Shake, Rattle & Turn That Noise Down!: How Elvis Shook Up Music, Me and Mom by Mark Alan Stamaty

41868650Lynn: Tell a teenager that you grew up in a house that for years had one TV and one radio and they will look at you as if you have tree roots growing out of your nose. Mark Stamaty tells it like it really was and this bright musical memoir really struck a chord with me. In 1955, Mark was given a radio for his 8th birthday and for a few years all was mellow. Then Elvis Presley hit the airwaves and music – and Mark – changed forever. The comic-book style illustrations in Shake, Rattle & Turn That Noise Down (Random/Knopf 2010) hit just the right note to show how that revolutionary sound shook the world.

The bright busy pages seem to shake, rattle and roll just like the music. My favorites are a two-page spread showing the young Mark literally being turned upside down as Elvis’ music blasts out for the first time, followed by his Mother shrieking and looking like, “a cornered hostage in a vampire horror movie.” Kids may not dig Elvis but the parental reaction to music may look familiar ūüėČ This is a really fun look at life in the 50’s and music history. The best thing about this book though is the wonderful depiction of that special moment when an amazing sound connects with us – turning our musical worlds upside down. That epiphany is the same whether it is Elvis or Eminem.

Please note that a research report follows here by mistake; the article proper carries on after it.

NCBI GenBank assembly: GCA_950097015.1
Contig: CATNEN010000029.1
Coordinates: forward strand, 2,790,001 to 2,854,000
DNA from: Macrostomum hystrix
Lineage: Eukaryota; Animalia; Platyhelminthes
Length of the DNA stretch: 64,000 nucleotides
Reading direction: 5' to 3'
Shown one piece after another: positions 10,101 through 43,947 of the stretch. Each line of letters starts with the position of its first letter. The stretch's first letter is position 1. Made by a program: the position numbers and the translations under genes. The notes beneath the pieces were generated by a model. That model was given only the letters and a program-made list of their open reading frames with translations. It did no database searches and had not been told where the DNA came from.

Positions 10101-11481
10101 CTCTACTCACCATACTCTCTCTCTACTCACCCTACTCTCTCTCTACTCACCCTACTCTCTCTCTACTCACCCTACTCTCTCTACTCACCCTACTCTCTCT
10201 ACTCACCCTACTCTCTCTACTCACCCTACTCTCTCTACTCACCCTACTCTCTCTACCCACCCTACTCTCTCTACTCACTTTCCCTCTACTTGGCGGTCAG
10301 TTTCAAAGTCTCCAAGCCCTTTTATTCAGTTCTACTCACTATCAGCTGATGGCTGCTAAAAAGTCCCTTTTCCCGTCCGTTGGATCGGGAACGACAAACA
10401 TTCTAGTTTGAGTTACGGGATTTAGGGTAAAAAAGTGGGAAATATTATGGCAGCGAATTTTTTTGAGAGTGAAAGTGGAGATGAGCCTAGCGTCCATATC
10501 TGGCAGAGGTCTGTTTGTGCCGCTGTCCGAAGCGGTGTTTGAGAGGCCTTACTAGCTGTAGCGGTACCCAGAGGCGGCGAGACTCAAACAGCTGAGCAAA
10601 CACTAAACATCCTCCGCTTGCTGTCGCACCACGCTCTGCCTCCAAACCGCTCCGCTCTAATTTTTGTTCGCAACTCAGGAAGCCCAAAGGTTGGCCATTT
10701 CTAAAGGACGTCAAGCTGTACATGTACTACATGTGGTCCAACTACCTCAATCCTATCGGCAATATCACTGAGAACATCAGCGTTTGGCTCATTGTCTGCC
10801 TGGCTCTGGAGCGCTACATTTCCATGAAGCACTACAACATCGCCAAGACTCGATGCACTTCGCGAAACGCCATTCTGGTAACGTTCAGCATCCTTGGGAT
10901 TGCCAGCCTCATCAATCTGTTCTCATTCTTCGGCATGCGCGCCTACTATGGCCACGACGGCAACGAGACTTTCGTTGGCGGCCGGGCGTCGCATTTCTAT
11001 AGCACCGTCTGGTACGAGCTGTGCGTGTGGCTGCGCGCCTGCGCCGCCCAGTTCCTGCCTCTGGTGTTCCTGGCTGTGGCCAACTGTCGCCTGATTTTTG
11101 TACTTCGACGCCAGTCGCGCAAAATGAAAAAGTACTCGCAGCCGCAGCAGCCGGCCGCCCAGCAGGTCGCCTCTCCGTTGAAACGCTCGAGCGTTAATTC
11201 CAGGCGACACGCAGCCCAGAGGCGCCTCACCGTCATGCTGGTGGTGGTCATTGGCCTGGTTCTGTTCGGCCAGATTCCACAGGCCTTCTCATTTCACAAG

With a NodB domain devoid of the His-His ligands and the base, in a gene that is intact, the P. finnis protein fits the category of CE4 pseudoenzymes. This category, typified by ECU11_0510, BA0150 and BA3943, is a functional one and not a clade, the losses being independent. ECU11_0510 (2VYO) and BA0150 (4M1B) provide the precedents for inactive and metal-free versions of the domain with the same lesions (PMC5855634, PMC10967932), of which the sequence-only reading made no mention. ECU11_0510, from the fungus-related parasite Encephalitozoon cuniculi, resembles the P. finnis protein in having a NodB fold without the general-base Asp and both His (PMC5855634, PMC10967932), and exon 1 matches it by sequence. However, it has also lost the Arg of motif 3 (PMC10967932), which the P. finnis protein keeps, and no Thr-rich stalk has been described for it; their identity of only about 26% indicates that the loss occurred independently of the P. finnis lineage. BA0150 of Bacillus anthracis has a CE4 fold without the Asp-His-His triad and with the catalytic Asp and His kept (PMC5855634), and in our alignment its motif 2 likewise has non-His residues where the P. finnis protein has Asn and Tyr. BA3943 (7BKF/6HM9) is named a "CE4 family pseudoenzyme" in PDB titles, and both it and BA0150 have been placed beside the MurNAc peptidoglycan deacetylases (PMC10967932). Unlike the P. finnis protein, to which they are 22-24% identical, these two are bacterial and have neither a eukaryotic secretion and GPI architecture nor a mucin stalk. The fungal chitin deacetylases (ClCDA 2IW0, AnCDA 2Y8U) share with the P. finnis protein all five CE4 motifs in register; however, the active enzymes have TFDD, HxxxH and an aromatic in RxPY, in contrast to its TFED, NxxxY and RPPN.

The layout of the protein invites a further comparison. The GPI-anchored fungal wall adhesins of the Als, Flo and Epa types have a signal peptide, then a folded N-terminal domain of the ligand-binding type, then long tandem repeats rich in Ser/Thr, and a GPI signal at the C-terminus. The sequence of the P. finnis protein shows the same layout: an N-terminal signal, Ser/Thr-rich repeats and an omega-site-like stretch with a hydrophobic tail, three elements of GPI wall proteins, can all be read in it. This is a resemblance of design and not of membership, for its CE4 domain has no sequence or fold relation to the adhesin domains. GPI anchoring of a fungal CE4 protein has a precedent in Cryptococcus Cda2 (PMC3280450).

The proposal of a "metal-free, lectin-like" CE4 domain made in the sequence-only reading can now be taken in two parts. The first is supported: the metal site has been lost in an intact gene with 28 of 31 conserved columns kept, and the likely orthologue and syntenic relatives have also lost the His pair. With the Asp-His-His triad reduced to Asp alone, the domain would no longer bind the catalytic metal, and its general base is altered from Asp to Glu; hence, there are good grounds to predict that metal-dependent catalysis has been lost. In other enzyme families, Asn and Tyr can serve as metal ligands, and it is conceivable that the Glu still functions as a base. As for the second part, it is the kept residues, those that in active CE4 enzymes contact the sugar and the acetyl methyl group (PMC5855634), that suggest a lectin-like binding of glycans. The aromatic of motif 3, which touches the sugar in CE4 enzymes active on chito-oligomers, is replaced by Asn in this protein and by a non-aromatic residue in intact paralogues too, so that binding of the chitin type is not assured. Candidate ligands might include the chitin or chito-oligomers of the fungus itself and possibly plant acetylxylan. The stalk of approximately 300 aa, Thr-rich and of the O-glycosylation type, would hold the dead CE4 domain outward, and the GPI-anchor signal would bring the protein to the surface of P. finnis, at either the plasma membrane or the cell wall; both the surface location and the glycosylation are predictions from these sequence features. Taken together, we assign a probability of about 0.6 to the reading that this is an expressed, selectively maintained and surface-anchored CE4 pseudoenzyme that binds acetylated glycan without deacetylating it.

I’m Mark’s age but I lagged behind him in popular musical awareness. I remember Elvis but my world-changing musical moment came when I heard the Beatles for the first time. What was yours?

love-radioCindy: I remember my first personal radio and here’s a photo to show you just how cool it was. I now have an mp3 player, but my music was portable even back in the day, thanks to this hip transistor radio that I could wear around my neck! I thought I was rockin’ it with my David Cassidy and the Partridge Family songs blaring out of its speakers. This book will span many age levels and would be a perfect starting point for a memoirs or decades unit, or for projects based on turning points in history. It’s a picture book that will appeal to middle schoolers for sure, partly due to its graphic novel format. In addition to the elements Lynn praised, I liked the fun, sly details in the illustrations, from the publication data presented in the shape of a 45, and the title page Alfred A. Knopf dog’s speech bubble “Nothin’ but a WHAT?” to the shelf of Hardy Boys’ books in Mark’s bedroom. My world-changing musical moment came September 20, 1973, during 7th grade when Jim Croce (Bad, Bad, Leroy Brown) died in a plane crash. It was the first of many musicians’ deaths that would rock my world.

nonfictionmondayThank you to Books Together for hosting Nonfiction Monday!

Comments

comments

About the Author:

Cindy Dobrez and Lynn Rutan are Booklist reviewers and middle-school librarians who have chaired both ALA’s Best Books for Young Adults and the Michael L. Printz Award for YA Literature committees. Follow Bookends on Twitter at @BookendsBlog. You can also find Cindy at @cdobrez and Lynn at @482april.

Post a Comment